Kids like Harris and Klebold dont just wake up one day and want to kill a bunch of students.  They were picked on mercilessly.

      That factoid has been in the rubbish bin for a decade.  They weren’t bullied.  They were bullies.

  5. Mister44 says:

    I remember this because KMFDM put out a statement as well. One of my favorite bands at the time, I was relieved they didn’t suffer much from the witch hunt (coincidentally that is the title of one of their songs.)

  6. nvlady says:

    Our media has switched from swiftly putting out a comprehensive story to putting out WHATEVER information it can in order to be first. Its about being first, not about being correct. Its been toxic for a long time.

    ANd now that you can select the kind of media you want to make you feel better (FOX, NBCNEWS), if you don’t expose yourself to any other news, you end up with a slanted view.

    • David Kopelman says:

      True dat. I’ve got a guideline I live by (especially when is comes to the MSM): “The first report is always wrong.” And really, with any big horrible story, just go ahead and wait a few days. Then start reading and make your judgments based on more verified information. 

    • That_Anonymous_Coward says:

      Yeah you might still think “Obamacare” was shot down by SCOTUS.
      And even with all of these failures over and over, people still cling to the news reports as the gospel.

  7. xunker says:

    In a world were Marilyn Manson is the voice of reason, well, that’s when you know shit is fucked up and bullshit.

    • vrplumber says:

      Im my world, Marilyn Manson is always the voice of reason. :)

    • marilove says:

      Why?  Marilyn Manson is a smart guy that makes fun music.  Why can’t he be the voice of reason?  Is it because he dresses funny??  Ugh.  In a world where people like you exist, well, that’s when you know shit is fucked up and bullshit. I’ll take people like Manson over boring politicians any day.

      • xunker says:

        Since you seemed to have totally missed the point, here is a picture of a cute puppy and kitty. Big kisses to you.

    • Matt Kayser says:

       That’s kind of the entire point of Marilyn Manson.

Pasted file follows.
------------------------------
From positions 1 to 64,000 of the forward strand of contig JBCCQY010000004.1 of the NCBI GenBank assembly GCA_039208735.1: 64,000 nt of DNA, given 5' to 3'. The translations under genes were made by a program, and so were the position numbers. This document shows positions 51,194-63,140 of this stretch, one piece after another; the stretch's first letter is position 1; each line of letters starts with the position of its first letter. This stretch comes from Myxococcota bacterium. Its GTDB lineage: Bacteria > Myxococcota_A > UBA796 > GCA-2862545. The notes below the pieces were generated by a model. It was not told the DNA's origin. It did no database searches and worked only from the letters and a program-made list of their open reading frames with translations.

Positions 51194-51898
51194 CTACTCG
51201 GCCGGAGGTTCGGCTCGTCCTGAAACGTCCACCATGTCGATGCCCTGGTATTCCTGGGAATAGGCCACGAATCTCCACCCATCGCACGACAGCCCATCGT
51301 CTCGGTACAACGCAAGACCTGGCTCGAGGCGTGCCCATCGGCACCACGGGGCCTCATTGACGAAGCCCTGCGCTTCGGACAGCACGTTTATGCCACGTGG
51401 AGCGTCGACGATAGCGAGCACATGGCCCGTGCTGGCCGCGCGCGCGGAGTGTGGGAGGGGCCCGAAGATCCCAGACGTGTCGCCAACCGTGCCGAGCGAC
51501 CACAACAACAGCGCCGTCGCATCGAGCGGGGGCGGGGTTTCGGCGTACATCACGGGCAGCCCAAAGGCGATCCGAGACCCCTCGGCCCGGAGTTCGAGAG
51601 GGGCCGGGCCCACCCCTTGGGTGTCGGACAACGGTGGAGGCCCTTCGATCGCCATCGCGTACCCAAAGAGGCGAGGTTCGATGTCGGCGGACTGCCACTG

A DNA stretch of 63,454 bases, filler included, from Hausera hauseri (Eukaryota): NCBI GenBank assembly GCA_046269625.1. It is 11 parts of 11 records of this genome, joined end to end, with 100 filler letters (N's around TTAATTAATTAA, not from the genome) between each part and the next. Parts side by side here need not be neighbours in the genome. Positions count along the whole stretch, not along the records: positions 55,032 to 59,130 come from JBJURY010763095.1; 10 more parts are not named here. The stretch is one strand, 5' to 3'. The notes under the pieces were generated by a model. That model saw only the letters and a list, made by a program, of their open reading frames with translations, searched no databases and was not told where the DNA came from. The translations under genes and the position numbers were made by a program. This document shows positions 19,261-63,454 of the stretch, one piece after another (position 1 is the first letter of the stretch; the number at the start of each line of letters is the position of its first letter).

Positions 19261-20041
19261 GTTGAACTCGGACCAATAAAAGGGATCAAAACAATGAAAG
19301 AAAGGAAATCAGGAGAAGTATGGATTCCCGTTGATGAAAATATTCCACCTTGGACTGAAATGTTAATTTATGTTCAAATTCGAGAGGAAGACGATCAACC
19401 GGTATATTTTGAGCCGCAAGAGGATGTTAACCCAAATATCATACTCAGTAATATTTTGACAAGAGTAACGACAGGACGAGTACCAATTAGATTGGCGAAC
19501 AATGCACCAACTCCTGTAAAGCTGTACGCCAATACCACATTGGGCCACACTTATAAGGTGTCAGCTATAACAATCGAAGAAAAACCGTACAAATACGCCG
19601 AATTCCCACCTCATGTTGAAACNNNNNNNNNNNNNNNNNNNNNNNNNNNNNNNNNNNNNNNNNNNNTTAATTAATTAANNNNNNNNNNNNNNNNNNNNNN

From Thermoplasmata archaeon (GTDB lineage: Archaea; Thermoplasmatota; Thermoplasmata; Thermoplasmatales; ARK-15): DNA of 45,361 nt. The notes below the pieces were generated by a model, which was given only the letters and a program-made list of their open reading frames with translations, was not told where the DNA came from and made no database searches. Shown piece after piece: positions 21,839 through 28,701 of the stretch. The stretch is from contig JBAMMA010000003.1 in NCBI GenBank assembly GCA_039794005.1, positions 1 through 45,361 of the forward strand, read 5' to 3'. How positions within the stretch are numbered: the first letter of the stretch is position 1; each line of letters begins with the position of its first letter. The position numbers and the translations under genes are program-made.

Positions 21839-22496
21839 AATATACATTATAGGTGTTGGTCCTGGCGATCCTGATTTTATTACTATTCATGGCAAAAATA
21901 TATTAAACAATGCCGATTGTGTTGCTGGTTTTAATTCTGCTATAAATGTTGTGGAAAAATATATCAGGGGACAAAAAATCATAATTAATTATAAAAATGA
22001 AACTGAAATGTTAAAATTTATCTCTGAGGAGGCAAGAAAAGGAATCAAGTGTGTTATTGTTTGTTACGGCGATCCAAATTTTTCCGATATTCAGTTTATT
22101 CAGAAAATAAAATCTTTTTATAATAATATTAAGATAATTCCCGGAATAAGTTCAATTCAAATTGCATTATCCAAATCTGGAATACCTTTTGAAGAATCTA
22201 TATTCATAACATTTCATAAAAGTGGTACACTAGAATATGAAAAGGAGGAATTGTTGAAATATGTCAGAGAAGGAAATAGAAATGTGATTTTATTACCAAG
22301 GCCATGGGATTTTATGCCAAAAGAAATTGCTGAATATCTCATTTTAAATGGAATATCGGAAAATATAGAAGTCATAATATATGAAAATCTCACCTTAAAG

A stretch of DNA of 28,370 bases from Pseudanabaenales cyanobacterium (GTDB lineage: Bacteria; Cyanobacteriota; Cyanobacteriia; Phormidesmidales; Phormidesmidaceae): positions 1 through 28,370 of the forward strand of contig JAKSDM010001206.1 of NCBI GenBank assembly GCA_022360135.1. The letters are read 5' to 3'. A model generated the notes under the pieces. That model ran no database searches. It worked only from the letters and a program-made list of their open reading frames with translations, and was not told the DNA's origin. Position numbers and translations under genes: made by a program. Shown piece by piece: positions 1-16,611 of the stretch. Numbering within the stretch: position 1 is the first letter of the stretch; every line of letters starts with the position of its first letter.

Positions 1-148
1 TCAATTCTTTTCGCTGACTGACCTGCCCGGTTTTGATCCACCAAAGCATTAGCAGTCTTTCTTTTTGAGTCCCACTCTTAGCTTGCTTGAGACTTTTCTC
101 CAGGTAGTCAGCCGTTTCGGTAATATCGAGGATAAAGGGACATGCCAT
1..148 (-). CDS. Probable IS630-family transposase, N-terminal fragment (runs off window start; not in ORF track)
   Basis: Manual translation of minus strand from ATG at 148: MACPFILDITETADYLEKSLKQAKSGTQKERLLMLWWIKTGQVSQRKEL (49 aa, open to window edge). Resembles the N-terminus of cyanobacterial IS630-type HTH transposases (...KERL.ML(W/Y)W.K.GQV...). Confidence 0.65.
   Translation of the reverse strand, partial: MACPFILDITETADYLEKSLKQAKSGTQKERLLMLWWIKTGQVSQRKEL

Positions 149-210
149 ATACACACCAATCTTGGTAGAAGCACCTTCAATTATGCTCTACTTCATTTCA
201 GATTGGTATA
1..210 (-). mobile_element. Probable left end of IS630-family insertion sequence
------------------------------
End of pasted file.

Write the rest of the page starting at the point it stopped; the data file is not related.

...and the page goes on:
8. Matthew Stone says:

    Here’s another good essay about the Columbine massacre and how we shouldn’t be surprised that these things are still happening today.

    13 years later, debates on violence still have not matured past gun control and video games.  We need to start asking tougher questions like, “When a winner-take-all economy tortures society, should we be shocked that a few lunatics go over the edge?”

    • Bartek Bialy says:

      Like. Touches the core issue.

      Check out James Gilligan’s works.

      “I have yet to see a serious act of violence that was not provoked by the experience of feeling shamed and humiliated, disrespected and ridiculed and that did not represent the attempt to prevent or undo the shame–no matter how severe a punishment.”

  9. Øyvind says:

    Ironically, the 1999 Manson is still relevant in 2012, while the 2012 Manson isn’t.

  10. Raul Alfaro says:

    Manson’s entire message within the record Holy Wood in the year 2000 is still relevant today. This man has a lot to say for those who are willing to listen. It doesn’t take a mass murder for me to realize this. “We applaud the creation of a bomb whose sole purpose is to destroy all of mankind, and we grow up watching our president’s brains splattered all over Texas. Times have not become more violent. They have just become more televised. Does anyone think the Civil War was the least bit civil? If television had existed, you could be sure they would have been there to cover it, or maybe even participate in it, like their violent car chase of Princess Di. Disgusting vultures looking for corpses, exploiting, fucking, filming and serving it up for our hungry appetites in a gluttonous display of endless human stupidity.” — Marilyn Manson

  11. I do see the media as responsible, in part, for this kind of event. But not the music, or the games. The rating system in movies that says it’s ok to show kids violence and death, but not sex. The news that is constantly full of death and destruction and blame. The desensitivity of the real world. We stopped caring about each-other, by large, a long time ago. We’re no longer people to each-other. We’re just obstacles, events. Violence is made acceptable far too easily in the news and in the real world. Kids know the difference between fiction and reality; and our reality isn’t that pleasent. Gun contorl laws come down to “Well, I have the right to shoot someone who is trying to kill me,” And, ok, I get that. I’m not actually against gun ownership. But that’s the argument we teach our kids – that people are going to attack you, and killing them is ok. Not that guns are for sport. Not that it’s unlikely to happen in most of the country. Not that trigger happy is bad and everyone has a mother, but if there is no other choice, that option needs to be available. No, we teach them that killing is ok. That it’s the first choice. And we teach that in so many subtle ways. With police, with the army, with political choices, even with responses to tragedies like these. It’s the attitude of a nation, personified in it’s news. And it creates apathetic killers who see killing as a relativly normal thing.